Dance Class to Daily Skills
What makes this session so essential isn’t that the children are accruing technical dance skills. Instead, it’s that dance therapy serves as a conduit to myriad other life skills: They gain self-awareness and body control while participating in a joyful group. That’s a situation that is often difficult for these students—and their families—to access.
“Embedded in Jessica’s instruction is the behavioral piece that is directly integrated with what we’re helping the students learn in school,” says Hooghuis. “The kids practice modeling after her, yes, but also taking turns, following multiple step directions, social interaction and requests, and because they are excited about the dance aspect, they are even more engaged and receptive.”
McNulty adds, “After dance, they can focus more on their other work. They’re calmer and seem to use the tools of impulse control and communication they just practiced in dance.”
The results can be quietly miraculous. “One student, Tenzin, never shows any emotion,” says Zippin. “But we found a new song he liked, ‘Goin’ on a Bear Hunt’ [Greg & Steve], and he started giggling. We had never heard him laugh—ever. His peers noticed and were egging him on, laughing with him, running in a circle around him. It was amazing.” DT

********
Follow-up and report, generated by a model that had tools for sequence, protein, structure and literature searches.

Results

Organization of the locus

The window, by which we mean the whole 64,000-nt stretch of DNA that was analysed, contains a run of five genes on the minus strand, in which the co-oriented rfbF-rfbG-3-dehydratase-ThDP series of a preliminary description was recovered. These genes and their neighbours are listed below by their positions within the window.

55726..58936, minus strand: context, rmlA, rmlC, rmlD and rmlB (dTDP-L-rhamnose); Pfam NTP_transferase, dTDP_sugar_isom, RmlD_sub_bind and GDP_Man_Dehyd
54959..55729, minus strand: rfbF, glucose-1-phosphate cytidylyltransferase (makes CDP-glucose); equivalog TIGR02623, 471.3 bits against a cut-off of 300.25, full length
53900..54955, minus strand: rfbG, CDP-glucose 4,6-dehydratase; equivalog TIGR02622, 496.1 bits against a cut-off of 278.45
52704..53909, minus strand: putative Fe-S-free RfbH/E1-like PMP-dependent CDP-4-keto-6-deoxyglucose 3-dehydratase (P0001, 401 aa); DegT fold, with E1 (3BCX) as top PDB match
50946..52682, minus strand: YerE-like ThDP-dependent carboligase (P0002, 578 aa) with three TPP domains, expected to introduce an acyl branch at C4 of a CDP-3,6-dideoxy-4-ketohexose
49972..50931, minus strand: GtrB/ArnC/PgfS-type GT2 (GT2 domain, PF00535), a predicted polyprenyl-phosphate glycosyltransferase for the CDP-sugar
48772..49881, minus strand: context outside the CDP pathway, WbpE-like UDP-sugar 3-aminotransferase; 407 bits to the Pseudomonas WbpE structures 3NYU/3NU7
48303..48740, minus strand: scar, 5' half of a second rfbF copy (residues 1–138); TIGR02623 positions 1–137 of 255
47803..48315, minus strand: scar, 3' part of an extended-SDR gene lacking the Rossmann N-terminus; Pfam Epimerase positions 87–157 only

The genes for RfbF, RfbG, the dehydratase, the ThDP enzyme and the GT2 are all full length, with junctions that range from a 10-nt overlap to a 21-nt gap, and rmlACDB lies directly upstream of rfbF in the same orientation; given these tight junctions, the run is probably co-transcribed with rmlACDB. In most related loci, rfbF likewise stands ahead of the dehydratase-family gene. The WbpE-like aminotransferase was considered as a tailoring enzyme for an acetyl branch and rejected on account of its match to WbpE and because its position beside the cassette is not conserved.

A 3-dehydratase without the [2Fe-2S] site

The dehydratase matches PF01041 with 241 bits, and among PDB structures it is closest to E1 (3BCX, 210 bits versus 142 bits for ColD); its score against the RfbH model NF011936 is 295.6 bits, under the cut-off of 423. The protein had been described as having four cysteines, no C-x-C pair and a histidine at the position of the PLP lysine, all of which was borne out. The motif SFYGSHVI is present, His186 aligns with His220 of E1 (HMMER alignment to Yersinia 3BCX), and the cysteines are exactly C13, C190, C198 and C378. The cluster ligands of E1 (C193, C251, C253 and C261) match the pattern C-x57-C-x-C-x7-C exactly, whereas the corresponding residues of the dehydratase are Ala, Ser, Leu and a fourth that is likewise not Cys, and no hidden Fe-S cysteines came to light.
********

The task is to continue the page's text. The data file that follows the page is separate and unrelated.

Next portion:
Lauren Kay is a dancer and writer based in Florida.
Keep in mind...
Dance therapist Jessica Zippin has developed a number of strategies for success when working with autistic or cognitively disabled children:
- It’s best to cover mirrors with a curtain so they don’t distract the students.
- Large spaces can be overwhelming. Find a way to section off a smaller dance area.
- Props like colored circles, balls and scarves are helpful for sensory integration.
- Make sure the sound isn’t too loud and that noise from other rooms is blocked.
- Be patient. With this population, nothing is going to happen instantly.
- Always check in with the child’s emotional state and meet them at that place. Don’t expect them to come to you.
- If the class encompasses a mix of functioning levels, be sure to create space for an autistic child to have time away from the group and then rejoin.
Photos courtesy of Douglas Watt Family Fund for the Performing Arts